Introduction to Zen Part 1 – A Historical Perspective
The first of John’s three part talk on the origins, practice and ritual of Soto Zen.

Zen is a form of Buddhism. Buddhism is a tradition founded around 2600 years ago by Gautama Shakyamuni, aka the Buddha.

Zen has a special emphasis on enlightening person-to-person interactions. Here is the traditional story of the first Zen transmission of understanding from Buddha Gautama Shakyamuni to his disciple Kashyapa.

Once on Vulture Peak, an audience attended the Buddha, waiting for a talk. The Buddha held up a flower. All were silent, but Mahakashyapa smiled. This was the passing of the Buddha’s realisation to Mahakashyapa. (Adapted from Mumonkan case 6.)

From the Buddha to the present day, Zen has been passed person-to-person from teacher to student. Here are some of the teachers who carried Zen from India to China to Japan, then to Europe and Glasgow in particular.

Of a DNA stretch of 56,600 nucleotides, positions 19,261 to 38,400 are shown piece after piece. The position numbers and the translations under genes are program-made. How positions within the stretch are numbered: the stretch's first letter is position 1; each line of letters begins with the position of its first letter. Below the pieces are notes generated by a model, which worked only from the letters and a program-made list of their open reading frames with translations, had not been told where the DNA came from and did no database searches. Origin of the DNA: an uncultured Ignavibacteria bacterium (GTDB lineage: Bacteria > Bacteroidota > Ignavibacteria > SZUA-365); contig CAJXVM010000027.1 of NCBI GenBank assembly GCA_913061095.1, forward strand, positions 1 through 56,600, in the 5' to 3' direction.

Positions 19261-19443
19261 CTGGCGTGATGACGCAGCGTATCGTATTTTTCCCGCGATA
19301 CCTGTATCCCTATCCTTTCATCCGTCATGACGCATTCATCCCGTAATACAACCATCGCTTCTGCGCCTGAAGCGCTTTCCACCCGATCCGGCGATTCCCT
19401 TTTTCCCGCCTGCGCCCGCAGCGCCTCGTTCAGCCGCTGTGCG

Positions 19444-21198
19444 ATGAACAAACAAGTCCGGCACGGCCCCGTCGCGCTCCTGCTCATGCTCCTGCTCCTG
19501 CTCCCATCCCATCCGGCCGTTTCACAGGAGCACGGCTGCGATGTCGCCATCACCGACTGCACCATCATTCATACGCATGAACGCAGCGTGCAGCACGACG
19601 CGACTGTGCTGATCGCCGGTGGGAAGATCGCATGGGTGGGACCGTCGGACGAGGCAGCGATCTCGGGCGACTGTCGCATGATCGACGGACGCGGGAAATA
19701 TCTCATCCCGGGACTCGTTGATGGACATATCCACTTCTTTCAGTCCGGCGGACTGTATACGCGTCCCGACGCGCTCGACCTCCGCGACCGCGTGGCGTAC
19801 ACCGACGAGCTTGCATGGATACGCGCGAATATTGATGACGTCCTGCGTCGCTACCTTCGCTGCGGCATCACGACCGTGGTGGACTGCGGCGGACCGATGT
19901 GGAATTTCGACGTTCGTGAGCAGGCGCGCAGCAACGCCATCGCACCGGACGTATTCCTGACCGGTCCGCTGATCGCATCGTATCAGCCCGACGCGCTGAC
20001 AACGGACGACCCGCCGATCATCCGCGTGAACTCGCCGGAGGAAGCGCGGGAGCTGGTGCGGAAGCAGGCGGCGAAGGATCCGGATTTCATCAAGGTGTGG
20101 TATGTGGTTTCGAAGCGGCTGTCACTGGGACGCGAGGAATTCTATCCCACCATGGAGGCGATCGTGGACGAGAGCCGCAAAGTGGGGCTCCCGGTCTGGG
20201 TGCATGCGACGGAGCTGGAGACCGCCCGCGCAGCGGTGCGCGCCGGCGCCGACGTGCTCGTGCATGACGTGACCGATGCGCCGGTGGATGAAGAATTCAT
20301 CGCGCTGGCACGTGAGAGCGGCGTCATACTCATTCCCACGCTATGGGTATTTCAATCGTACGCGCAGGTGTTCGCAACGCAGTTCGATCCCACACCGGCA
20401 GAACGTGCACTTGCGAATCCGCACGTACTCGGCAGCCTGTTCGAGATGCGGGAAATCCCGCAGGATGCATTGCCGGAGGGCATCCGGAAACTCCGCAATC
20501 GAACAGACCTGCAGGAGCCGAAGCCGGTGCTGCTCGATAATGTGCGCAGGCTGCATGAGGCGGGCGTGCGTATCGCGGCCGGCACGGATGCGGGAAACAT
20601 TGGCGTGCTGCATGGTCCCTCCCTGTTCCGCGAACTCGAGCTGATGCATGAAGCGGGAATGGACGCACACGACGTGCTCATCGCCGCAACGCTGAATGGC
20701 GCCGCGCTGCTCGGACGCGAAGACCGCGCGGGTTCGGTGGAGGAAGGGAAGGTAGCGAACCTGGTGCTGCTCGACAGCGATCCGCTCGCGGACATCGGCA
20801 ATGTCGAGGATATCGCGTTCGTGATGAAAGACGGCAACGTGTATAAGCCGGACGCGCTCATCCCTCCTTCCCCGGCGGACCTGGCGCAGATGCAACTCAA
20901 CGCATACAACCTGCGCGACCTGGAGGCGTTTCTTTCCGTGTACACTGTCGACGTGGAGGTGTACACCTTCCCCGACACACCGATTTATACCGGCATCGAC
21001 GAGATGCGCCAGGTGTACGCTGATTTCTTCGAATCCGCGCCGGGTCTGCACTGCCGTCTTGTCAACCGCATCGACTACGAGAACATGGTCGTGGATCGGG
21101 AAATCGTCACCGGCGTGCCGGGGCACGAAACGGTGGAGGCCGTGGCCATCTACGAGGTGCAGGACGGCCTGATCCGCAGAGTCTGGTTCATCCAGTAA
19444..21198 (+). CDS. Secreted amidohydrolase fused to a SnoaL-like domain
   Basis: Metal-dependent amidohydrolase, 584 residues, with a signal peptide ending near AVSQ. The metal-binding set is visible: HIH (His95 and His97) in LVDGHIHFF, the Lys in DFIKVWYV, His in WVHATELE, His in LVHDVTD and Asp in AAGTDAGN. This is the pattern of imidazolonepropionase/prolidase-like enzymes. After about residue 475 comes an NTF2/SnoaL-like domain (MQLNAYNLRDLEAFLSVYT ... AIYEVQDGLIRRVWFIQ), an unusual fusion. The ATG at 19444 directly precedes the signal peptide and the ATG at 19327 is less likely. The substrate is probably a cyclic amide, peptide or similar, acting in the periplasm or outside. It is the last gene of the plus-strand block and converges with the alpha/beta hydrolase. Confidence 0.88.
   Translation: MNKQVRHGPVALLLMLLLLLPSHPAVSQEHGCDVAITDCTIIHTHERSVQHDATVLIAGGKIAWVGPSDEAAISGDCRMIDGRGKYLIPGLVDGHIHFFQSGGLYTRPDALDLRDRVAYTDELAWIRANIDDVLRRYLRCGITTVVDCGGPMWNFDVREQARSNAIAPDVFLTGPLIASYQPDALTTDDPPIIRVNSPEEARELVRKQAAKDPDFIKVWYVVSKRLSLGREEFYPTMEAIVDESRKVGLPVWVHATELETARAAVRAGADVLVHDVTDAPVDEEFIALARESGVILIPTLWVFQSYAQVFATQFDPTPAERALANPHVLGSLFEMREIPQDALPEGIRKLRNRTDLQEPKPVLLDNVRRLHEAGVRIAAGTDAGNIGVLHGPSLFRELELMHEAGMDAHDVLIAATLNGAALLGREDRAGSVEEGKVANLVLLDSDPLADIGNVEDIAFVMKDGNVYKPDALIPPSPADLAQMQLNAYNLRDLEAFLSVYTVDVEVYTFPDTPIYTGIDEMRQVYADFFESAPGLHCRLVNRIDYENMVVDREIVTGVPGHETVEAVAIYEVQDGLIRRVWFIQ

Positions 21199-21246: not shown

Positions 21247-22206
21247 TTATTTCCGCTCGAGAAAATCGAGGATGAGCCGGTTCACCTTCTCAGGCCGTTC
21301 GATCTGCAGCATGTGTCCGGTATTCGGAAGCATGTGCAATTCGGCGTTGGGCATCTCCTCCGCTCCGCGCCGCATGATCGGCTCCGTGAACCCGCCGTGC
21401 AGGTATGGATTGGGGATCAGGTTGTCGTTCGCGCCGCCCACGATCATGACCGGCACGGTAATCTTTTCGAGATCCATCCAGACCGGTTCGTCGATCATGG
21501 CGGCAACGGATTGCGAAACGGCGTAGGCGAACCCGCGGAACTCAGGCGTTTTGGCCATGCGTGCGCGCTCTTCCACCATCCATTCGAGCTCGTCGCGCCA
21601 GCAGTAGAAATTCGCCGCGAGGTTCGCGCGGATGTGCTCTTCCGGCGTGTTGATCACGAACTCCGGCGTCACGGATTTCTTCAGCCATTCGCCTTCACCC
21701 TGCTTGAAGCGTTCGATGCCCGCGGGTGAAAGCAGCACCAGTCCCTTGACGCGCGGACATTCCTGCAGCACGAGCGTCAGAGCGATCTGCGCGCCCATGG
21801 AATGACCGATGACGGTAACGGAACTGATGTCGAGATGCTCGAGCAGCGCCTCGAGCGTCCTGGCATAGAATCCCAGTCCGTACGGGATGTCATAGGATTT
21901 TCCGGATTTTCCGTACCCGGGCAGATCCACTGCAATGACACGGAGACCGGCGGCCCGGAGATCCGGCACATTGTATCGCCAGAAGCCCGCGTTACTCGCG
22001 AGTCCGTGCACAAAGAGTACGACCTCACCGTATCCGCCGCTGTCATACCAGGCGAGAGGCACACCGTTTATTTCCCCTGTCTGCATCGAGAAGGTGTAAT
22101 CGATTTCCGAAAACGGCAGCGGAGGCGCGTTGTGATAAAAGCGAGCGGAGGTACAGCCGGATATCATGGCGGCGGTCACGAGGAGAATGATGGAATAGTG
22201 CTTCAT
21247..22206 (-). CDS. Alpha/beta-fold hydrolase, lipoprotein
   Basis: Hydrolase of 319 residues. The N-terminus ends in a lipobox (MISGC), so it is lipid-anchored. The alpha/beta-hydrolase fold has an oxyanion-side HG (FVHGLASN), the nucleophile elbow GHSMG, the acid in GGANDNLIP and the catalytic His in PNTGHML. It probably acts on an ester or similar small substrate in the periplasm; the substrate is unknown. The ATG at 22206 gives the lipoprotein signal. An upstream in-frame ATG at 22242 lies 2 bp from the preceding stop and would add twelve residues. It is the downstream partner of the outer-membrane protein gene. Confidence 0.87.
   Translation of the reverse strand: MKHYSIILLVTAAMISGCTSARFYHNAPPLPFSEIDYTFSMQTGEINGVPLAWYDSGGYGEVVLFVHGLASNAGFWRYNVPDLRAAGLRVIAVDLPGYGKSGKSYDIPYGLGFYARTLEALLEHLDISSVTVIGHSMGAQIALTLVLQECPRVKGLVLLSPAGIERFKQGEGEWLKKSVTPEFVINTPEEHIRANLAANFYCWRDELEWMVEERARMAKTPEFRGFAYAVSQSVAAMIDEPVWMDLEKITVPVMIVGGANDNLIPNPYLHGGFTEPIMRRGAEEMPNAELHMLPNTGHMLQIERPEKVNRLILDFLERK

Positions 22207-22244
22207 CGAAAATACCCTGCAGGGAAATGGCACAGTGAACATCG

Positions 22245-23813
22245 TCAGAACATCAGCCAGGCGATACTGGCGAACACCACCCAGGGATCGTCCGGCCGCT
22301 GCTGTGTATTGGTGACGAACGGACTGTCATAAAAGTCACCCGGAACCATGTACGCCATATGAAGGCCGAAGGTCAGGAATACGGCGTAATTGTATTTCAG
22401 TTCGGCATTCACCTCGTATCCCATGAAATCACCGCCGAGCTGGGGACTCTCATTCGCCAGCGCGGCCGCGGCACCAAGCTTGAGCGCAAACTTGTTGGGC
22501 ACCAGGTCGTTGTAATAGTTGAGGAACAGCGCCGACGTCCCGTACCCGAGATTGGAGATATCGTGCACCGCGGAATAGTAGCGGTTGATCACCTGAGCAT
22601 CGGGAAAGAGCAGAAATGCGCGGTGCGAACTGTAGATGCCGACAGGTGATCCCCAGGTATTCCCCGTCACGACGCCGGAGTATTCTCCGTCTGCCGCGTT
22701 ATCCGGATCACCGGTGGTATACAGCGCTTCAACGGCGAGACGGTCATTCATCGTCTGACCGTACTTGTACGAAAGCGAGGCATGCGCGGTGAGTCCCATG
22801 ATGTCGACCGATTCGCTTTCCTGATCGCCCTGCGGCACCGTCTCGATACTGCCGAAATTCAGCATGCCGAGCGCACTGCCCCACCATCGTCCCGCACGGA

Our Zen Timeline
c. 530BCEGautama Shakyamuni experiences his enlightenment, becomes the Buddha. Embarks on 44 years of teaching.
c 200CENagarjuna establishes the Middle Way tradition.
c 520CEBodhidharma brings Zen to China, and settles at Shaolin.
c 740ADShenhui, student of Hui-neng brings southern school of Zen to fore.
828CEDonghan Liangjie, source of the Soto (Caodong) school, ordained at Mt Song.
1227CEDogen returns from China and establishes Soto Zen in Japan.
1967CEDeshimaru, a student of Kodo Sawaki, arrives in Paris, founds AZI.
1990CEJohn Fraser founds the Glasgow Zen Group, as part of the AZI.
2001CEThe Glasgow Zen Group becomes an independent fellowship of Zen practitioners.
24 March
John Fraser receives shiho (transmission) from Mike Eido Luetchford, who studied with Nishijima Wafu (at Dogen Sangha Tokyo), a student of Kodo Sowaki.